In her ground-breaking book On Death and Dying, the Swiss-American psychiatrist Elisabeth Kubler-Ross claims that “people in mourning have to come to grips with death before they can live again”, and dealing with a break-up is no different.

The feelings we have after a break-up, and the emotional rollercoaster we find ourselves on, feels a lot like grief. We are forced into saying goodbye to someone and something we came to expect and depend on, and must deal with the fact that life will never quite be the same again. We are left with something missing and we might choose to avoid it, deny it, cling to it or try to replace it, but in the end we must realise and accept that they are gone.

At funerals people have the chance to say goodbye. They have the time to plan out their farewell, rehearse what they want to say and choose what music they want playing as the curtain falls on their relationship. But we don’t get that with a break-up. The moment of departure is over so sporadically that there’s very little time to absorb what just happened. You might not even get the chance to say it face-to-face; it might have all taken place over a phone call, or even worse a text message, and there is certainly no emoji capable of ever providing closure.

Blind-sided and with little to go on after the initial break-up, we fall back into the usual patterns of responding to change. We see it, but we deny it exists. We dodge, deflect and circle around the gaping hole it has left, instead of staring it right in the face and accepting it for what it is. We rail against the emotions, try to pummel them into submission, waste all our energy fighting a losing battle because we’re too afraid to raise the white flag and surrender. Put simply, we refuse to let them go because in our mind we were never able to say goodbye; we think they will still exist if we let the pain persist.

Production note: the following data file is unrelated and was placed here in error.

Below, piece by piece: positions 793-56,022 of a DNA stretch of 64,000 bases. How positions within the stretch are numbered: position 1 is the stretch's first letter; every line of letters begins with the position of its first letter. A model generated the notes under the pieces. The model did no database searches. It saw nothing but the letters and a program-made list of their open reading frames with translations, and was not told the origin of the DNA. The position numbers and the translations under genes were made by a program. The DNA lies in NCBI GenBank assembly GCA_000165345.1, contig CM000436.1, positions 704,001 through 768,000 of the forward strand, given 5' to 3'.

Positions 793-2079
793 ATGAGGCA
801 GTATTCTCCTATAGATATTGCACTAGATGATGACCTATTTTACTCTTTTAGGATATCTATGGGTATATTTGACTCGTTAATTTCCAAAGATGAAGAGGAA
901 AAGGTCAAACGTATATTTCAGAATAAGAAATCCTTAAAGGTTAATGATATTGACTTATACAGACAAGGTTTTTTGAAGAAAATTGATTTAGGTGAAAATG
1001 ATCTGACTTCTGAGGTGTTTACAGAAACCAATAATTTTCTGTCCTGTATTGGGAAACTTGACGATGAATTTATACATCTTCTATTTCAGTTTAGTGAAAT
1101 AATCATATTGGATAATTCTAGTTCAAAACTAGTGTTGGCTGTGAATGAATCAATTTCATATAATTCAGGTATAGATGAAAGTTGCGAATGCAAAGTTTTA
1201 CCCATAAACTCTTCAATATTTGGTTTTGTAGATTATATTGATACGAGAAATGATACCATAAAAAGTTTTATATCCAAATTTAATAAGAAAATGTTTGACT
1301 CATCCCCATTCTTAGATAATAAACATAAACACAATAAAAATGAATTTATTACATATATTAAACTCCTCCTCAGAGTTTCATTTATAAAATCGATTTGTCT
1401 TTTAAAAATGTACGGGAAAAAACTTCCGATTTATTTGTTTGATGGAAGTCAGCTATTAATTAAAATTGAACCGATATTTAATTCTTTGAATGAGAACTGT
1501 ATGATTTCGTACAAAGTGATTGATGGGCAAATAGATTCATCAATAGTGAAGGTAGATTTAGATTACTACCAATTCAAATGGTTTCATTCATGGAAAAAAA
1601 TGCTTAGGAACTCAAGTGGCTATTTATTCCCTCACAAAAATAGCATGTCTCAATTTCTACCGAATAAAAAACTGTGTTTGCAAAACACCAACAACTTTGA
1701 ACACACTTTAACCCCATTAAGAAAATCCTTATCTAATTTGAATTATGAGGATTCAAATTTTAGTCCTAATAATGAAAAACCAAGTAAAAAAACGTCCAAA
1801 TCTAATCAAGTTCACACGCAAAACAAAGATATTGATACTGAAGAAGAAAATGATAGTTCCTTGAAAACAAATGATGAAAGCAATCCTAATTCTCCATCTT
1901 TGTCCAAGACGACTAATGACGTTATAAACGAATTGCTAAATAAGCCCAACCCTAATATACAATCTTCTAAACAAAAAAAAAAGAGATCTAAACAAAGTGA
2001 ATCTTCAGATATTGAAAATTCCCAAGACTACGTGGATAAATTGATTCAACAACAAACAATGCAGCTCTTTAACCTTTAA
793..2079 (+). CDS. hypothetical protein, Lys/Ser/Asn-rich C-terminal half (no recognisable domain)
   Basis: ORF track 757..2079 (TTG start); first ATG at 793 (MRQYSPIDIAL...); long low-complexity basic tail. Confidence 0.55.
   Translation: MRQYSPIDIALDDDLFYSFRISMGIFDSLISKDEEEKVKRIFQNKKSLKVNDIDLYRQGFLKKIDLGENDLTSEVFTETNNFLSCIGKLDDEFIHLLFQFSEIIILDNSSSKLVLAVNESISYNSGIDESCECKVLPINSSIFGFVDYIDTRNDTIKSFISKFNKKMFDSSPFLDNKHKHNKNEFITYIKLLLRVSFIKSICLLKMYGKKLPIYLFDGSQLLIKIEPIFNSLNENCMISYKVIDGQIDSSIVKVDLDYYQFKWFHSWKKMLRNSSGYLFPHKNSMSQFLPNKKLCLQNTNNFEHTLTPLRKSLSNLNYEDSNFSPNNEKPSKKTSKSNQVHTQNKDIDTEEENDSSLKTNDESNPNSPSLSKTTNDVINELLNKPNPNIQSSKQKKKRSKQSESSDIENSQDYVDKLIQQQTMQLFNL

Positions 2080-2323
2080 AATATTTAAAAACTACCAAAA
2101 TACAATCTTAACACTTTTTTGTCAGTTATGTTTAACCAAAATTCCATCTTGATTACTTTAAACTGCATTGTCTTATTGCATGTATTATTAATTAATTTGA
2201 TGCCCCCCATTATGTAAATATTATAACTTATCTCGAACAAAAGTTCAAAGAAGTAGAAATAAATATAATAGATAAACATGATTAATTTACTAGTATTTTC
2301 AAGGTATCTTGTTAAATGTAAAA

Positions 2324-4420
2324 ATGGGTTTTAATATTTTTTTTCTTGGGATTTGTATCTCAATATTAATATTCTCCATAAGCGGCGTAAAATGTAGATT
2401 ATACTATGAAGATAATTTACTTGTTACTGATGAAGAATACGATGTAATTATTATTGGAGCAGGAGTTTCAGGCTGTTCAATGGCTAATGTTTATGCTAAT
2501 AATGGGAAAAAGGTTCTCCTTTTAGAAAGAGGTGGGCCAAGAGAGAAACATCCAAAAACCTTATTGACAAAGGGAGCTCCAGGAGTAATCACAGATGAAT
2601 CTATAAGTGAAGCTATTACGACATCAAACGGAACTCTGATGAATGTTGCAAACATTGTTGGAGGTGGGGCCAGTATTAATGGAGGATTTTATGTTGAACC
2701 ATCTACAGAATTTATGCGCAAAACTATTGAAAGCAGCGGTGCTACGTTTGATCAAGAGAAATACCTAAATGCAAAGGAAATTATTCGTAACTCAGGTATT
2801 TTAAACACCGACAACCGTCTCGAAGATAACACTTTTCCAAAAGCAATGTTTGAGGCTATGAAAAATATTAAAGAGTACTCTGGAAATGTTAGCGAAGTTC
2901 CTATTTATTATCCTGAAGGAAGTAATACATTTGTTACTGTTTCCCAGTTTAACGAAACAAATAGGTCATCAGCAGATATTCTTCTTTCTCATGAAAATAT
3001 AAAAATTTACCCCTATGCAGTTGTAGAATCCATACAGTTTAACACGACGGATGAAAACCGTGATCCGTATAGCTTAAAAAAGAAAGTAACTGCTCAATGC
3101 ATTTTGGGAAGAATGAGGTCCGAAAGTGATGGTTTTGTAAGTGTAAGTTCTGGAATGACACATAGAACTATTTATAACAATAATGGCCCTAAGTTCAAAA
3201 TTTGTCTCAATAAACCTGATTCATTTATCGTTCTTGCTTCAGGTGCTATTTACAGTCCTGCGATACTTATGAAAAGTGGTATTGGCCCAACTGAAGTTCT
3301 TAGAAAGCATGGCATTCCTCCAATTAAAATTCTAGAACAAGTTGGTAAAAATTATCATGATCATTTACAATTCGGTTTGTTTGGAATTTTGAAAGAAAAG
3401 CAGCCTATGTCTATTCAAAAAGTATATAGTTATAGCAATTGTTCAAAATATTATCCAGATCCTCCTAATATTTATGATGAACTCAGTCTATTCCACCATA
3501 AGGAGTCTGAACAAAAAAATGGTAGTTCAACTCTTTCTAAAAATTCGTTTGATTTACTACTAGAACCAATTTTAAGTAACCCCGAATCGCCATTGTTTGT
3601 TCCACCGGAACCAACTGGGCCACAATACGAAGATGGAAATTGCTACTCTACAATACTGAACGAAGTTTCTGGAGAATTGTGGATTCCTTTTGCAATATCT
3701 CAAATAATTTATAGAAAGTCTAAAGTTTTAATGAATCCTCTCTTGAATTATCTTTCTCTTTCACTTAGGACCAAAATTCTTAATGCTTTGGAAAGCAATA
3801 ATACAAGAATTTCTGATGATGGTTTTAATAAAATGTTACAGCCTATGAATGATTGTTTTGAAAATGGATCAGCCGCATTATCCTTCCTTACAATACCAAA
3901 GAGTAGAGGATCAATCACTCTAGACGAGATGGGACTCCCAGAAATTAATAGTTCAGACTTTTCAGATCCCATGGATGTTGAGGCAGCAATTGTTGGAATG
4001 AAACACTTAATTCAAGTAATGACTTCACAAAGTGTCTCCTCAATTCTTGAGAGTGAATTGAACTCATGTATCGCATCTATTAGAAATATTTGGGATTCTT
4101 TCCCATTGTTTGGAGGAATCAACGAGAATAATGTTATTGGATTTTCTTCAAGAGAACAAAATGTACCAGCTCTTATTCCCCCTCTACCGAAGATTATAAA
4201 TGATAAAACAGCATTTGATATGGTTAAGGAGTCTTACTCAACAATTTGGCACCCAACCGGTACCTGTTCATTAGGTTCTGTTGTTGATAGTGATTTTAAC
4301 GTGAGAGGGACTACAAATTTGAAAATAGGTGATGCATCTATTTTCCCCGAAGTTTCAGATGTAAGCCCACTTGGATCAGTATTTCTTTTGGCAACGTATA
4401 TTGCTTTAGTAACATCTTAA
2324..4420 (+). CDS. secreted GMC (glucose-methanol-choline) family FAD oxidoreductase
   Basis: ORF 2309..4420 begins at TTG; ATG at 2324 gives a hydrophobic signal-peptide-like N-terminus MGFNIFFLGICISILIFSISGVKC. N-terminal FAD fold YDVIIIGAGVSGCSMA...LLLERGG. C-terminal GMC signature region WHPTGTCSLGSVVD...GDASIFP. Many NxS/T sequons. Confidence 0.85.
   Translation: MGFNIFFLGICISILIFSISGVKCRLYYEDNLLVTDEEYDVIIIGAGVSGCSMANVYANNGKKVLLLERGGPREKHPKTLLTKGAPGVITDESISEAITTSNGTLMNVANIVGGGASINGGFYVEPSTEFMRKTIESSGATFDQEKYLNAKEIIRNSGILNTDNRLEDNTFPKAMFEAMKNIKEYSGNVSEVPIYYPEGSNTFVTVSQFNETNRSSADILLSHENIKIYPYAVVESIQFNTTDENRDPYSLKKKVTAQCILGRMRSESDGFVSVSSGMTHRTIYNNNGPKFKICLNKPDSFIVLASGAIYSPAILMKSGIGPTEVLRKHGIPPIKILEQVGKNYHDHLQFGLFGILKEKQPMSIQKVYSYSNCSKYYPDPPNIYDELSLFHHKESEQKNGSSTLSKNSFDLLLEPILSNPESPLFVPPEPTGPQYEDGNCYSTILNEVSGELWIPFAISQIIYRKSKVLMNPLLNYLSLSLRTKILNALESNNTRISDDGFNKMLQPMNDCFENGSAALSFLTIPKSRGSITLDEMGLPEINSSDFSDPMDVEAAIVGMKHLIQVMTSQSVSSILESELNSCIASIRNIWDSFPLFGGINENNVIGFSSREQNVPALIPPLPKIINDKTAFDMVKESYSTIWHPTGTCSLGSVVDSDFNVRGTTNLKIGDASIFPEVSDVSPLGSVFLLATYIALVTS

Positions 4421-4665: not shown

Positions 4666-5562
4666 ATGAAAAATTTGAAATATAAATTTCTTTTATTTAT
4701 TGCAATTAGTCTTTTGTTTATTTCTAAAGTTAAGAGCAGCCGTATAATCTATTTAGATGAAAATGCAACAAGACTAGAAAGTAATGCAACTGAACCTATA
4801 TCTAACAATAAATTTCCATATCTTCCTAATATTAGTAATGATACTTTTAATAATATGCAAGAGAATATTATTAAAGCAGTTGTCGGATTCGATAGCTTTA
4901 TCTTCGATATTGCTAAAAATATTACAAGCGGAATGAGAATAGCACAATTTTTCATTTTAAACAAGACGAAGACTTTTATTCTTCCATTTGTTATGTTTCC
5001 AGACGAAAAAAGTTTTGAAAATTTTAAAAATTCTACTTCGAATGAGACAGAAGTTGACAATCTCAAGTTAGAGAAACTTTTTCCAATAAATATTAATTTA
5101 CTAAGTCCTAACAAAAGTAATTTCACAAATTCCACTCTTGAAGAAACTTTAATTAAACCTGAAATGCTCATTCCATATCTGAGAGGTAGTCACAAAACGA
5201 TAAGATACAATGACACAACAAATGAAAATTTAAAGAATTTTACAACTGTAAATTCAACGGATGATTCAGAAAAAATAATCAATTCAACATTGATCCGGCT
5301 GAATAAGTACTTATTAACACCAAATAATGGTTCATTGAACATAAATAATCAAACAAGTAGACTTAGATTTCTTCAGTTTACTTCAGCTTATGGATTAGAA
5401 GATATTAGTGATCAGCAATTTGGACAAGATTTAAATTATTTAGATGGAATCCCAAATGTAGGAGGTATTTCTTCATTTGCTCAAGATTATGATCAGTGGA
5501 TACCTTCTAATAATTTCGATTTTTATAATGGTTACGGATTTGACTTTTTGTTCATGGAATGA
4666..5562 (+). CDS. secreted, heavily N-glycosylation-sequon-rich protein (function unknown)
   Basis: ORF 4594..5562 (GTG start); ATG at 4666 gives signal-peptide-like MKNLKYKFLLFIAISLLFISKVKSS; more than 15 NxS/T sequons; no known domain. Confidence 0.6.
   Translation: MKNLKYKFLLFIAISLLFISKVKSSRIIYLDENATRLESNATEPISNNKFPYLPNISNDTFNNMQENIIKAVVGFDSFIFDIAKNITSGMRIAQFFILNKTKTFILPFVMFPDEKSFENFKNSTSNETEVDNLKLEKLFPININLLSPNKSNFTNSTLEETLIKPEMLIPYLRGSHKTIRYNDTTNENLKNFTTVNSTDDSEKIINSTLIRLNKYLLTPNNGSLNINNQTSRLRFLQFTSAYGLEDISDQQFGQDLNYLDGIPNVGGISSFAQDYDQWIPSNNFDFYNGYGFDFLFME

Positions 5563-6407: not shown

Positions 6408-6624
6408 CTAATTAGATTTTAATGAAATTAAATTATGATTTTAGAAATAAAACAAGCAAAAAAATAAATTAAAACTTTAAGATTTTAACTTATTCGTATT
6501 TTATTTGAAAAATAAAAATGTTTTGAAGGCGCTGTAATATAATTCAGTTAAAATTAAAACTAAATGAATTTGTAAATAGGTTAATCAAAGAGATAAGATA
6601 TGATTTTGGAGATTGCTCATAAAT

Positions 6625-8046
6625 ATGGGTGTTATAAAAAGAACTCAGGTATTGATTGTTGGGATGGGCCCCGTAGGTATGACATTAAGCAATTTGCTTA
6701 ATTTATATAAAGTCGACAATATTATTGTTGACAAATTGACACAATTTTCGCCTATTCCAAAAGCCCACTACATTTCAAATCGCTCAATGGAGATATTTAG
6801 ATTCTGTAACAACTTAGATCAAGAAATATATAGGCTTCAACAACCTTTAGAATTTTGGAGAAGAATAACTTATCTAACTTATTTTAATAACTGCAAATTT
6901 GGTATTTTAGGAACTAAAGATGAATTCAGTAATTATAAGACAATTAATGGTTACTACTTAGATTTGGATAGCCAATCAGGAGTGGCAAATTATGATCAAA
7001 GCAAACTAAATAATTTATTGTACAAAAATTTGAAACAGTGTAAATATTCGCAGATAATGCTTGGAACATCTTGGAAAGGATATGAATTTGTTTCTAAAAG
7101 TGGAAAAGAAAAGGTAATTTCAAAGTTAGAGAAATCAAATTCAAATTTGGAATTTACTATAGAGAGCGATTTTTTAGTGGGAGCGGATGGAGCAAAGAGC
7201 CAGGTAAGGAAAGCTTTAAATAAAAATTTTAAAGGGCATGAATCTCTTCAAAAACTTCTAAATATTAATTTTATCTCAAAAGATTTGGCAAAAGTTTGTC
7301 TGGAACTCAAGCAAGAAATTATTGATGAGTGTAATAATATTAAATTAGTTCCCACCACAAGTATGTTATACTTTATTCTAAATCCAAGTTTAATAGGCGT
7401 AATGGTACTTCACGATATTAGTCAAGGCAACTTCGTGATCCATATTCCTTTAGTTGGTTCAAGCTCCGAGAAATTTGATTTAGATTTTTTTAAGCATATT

But so much of us wanting to say “goodbye” is actually wanting to have the final word on the relationship because we feel that that opportunity was ripped out from beneath us. We were so busy trying to process what our partner was saying that we weren’t able to be “in the moment”, denied the chance of feeling and saying everything we wanted and needed to.

There is so much research out there pointing to the value and healing power of writing our thoughts and feelings down, so one way to deal with all those bottled-up emotions is to let them out, on paper. By writing a Letter to Your Ex, you finally get the chance to have the final word (and there is no one there to stop you!). You can voice that hurt and anger, and actually sit with the frustration that you wouldn’t (or couldn’t) let yourself feel at the time.

Whether you think of it as a structured vent, a bitch-sesh written down, or a eulogy that only you will ever listen to, the most important thing is that you can say exactly what you want, how you want it, and not worry about offending anyone.

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